For large animals, this made of setting will be found to work perfectly. When constructed on a smaller scale, it may be slightly modified. It will be noticed that, when the string is approached from one side, it is merely slipped out of the notch,—a slight pressure being sufficient to dislodge it,—while the pressure [Page 29] from the opposite direction must be strong enough to lift the peg out of the ground bodily. This is easily done when the peg is lightly inserted; but, to insure success, even with light pressure from either side, an additional precaution may be used, if desired. Instead of fastening the end of the string securely to some object on the further side of the path, it is well to provide the end of the cord with a ring or loop, which should be passed over a nail or short peg driven in some tree or branch, or fastened into an upright stake, firmly embedded into the ground. The nail should point in the opposite direction from the notch in the peg, and its angle should incline slightly toward the path. It will thus be seen that an approach from one side forces the string from the notch in the peg, while an opposite pressure slides the ring from the nail.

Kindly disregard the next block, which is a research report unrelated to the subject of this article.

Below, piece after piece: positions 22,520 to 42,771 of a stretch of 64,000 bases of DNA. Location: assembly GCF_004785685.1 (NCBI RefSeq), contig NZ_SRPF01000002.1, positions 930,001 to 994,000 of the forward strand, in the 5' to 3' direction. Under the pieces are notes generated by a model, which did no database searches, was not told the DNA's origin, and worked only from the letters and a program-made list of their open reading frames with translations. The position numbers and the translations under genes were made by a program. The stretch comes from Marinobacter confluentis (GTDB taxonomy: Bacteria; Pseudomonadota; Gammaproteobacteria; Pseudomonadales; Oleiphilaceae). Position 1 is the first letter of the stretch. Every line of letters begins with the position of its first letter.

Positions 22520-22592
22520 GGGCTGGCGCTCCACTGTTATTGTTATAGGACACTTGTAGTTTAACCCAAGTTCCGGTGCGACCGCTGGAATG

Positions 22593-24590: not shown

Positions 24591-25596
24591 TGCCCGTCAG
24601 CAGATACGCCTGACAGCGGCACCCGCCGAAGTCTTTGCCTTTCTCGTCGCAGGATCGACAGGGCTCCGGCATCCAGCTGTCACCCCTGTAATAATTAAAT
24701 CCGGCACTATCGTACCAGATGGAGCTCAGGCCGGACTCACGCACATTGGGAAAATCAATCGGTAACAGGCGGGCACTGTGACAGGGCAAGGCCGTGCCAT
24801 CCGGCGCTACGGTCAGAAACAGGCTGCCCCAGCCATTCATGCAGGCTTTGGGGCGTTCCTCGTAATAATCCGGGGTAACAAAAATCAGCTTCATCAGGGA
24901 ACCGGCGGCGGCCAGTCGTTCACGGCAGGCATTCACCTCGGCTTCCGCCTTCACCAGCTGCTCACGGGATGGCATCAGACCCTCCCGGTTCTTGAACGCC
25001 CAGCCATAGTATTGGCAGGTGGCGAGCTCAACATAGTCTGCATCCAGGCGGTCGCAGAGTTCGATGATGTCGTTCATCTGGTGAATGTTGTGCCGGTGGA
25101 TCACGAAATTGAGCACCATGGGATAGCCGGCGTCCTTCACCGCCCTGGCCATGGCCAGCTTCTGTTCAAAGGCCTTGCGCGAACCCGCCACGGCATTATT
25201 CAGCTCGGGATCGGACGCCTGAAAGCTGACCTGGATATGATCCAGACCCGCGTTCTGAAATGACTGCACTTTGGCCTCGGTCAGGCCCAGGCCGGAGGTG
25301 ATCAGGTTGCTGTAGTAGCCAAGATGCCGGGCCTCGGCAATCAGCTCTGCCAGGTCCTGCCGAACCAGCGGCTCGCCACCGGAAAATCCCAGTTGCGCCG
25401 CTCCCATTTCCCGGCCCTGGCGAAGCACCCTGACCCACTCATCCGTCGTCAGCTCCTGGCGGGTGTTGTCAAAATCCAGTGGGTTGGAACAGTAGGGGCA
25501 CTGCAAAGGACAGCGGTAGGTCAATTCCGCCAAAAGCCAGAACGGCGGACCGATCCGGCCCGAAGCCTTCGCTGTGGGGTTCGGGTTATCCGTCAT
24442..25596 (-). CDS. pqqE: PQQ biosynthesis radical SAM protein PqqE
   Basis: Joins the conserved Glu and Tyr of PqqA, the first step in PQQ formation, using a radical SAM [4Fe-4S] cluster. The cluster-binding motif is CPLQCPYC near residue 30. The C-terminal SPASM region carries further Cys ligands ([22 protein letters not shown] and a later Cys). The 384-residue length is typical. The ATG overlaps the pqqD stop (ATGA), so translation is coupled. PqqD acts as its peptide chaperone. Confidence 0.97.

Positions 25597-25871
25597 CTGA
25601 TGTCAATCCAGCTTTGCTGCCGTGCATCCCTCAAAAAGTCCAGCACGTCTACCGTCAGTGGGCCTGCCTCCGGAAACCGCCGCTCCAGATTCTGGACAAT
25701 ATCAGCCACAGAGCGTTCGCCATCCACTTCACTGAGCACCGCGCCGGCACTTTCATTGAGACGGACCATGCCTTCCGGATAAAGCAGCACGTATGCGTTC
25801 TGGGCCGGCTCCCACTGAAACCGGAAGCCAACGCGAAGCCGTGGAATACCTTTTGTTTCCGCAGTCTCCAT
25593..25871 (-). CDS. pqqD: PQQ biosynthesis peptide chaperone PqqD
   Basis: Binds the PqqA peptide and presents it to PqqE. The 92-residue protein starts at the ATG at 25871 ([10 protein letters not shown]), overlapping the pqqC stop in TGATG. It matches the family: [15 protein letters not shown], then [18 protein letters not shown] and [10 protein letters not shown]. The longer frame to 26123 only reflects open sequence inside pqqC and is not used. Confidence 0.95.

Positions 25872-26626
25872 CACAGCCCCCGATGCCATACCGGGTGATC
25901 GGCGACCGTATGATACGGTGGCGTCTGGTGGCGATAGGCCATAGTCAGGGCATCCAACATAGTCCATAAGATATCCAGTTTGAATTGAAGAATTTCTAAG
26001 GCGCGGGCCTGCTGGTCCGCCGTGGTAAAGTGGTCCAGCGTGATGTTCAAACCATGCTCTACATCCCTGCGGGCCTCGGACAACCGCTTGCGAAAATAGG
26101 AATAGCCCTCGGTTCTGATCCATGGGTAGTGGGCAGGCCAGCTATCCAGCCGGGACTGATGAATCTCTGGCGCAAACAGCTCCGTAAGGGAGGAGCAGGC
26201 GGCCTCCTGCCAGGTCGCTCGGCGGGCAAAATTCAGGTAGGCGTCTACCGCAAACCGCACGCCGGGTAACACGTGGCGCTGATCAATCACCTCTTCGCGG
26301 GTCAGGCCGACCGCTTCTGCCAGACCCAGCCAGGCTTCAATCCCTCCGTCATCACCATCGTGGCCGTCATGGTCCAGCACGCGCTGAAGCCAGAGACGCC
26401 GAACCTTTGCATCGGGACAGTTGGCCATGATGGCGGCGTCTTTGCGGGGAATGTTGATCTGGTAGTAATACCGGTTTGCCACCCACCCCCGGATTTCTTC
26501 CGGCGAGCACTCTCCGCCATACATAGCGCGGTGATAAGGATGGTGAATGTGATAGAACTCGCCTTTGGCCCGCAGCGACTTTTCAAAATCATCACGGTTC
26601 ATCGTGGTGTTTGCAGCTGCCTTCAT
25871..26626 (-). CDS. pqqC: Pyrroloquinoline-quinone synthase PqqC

This mode of setting is especially desirable for small animals, on account of its being more sensitive.
Such a trap may be successfully used for the puma, bear, and the lynx. When constructed for smaller animals, the harpoon may be dispensed with, a large stone being equally effective in its death-dealing qualities
THE BEAR TRAP.
This trap is constructed after the idea of the old-fashioned box or rabbit trap, and has been the means of securing many a hungry bear, or even puma, whose voracity has exceeded its cunning. The lynx and wild-cat are also among its occasional victims; and inasmuch as its prisoners are taken alive great sport is often realized before the captive is brought under control.